Hidden Letters to the Editor

From the Scottsdale Republic’s “Opinions” section today:


View from train is better

I am one of the fortunate people who take the light rail to work every day.

This involves waiting a few minutes for a very punctual train on an attractive platform — each station has an art component, by the way. I then have a half-hour ride on a clean, air-condi­tioned train, and finally a short walk to my office. But I guess some people prefer the view from a traffic-clogged freeway.

— Barbara A. Ballering, Scottsdale

Trains take taxpayers for ride

A June 19 My Turn gives a glowing report of light rail, based on its author’s personal research. His “research” missed some key facts: 95 percent of Scottsdale residents will never ride light rail; 95 percent of Maricopa Coun­ty residents don’t use the existing light­ rail system now, and they never will.

Scottsdale residents’ taxes will be used to subsidize light rail. For every $2.50 ticket, we taxpayers will cough up another $13 to cover the full cost of a ride on light rail. We taxpayers already pay the same subsidies for the Phoenix light-rail system. This is known as tak­ing the taxpayers for a ride on light rail.

The My Turn states light rail “will offer opportunity to some.” Based on the Phoenix track record, “some” in­cludes redevelopers, Realtors, spec­ulators, foreign manufacturers and assorted hangers-on. The author of the My Turn wants you, the taxpayer, to help subsidize the redevelopment of downtown Scottsdale. This is the only true reason for running light rail through downtown areas.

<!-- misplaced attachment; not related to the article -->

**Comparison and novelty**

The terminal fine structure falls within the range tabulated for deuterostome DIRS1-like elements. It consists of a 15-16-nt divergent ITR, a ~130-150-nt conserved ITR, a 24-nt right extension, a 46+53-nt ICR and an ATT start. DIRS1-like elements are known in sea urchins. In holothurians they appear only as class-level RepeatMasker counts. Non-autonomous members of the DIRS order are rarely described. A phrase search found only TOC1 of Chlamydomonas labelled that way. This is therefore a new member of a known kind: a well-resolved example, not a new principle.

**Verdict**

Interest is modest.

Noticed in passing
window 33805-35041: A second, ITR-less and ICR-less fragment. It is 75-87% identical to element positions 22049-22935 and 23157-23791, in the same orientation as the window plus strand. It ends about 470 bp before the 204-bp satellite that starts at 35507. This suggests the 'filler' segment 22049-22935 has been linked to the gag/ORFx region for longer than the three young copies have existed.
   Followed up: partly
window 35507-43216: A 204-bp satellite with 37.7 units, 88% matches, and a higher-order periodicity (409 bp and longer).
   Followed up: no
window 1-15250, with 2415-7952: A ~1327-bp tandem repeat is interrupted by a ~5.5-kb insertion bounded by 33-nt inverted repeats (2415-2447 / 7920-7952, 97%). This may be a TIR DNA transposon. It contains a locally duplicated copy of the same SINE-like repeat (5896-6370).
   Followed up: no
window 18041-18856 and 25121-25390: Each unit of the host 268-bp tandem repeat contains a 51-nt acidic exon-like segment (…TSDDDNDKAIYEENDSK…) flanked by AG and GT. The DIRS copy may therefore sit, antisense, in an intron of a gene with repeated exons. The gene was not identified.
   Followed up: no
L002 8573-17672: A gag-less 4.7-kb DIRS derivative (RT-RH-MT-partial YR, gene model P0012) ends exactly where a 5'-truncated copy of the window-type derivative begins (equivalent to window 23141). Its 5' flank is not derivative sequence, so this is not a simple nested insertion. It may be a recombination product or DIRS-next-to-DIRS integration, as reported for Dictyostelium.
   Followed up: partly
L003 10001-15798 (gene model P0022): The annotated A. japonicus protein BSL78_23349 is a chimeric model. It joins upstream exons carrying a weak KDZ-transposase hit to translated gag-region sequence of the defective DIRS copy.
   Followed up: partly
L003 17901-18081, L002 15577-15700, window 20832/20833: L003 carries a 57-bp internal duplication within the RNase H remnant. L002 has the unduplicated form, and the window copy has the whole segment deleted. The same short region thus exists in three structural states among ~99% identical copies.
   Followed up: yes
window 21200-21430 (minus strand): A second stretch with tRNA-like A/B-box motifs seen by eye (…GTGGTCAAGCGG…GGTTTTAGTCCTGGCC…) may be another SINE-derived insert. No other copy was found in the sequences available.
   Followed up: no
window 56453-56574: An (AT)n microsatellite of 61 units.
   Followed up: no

David J. Kolander, Scottsdale

Preserve decisions up to voters

I am amazed that Mayor Jim Lane and three council members voted to allow motorized vehicle traffic in the McDowell Sonoran Preserve. The pre­serve was encouraged and solely fund­ed through voluntary tax increases. We, the citizens of Scottsdale, invested our money into the preserve. There is abso­lutely no way four people should over­ride the will of the people. It is outra­geously egotistical and clueless as to following the wishes of our investment. The only way for the council to move ahead with a trial period, or otherwise, for motorized vehicles is to place the issue on the ballot. Only then can the right decision can be made — by the people who paid for this investment.

Richard Alt, Scottsdale

Jeeps OK — with stipulations

I support Jeep tours in the McDow­ell Sonoran Preserve so long as the operators adhere to good judgment and common sense. It can be done in our preserve exactly as rafting is done in the Grand Canyon. Years ago, I did raft the Canyon, but only after a very de­tailed orientation by those raft opera­tors as to what was expected of us to maintain the integrity of the place.

“What you take in, you also take out.

Nothing is to be left behind,” the guides said. The same can and should be done by Jeep operators. The depiction in a recent Scottsdale Republic editorial of the Jeep operators as “leather-skinned roughnecks with 10-gallon hats and Yosemite Sam mustaches” is a bit much. They’re not “roughnecks.” They are thoughtful individuals engaged in an essential part of the Scottsdale tour­ism industry.

Gary H. Boyd, Scottsdale

A call to protest City Hall

Reading about all the new apartment developments here in Scottsdale makes my blood run cold. The Scottsdale Shadows complex is only six stories and rather ugly. Does anyone truly believe three 14-story units on 4 acres of land will add beauty to our town?

What kind of traffic will 40,000 new apartments cause us? Are the council members trying to ram light rail down our throats? We citizens should be dem­onstrating at City Hall.

Catherine A. Kury, Scottsdale 

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1 Comment

  1. …each station has an art component, by the way.

    When should I stop laughing? I wonder how Ms. Ballering likes riding with the bums (er…excuse me; “homeless persons”) who are known to ride the rails all day on a free pass they are supposed to use to interview for work. They love the rail in the summer because of the heat.

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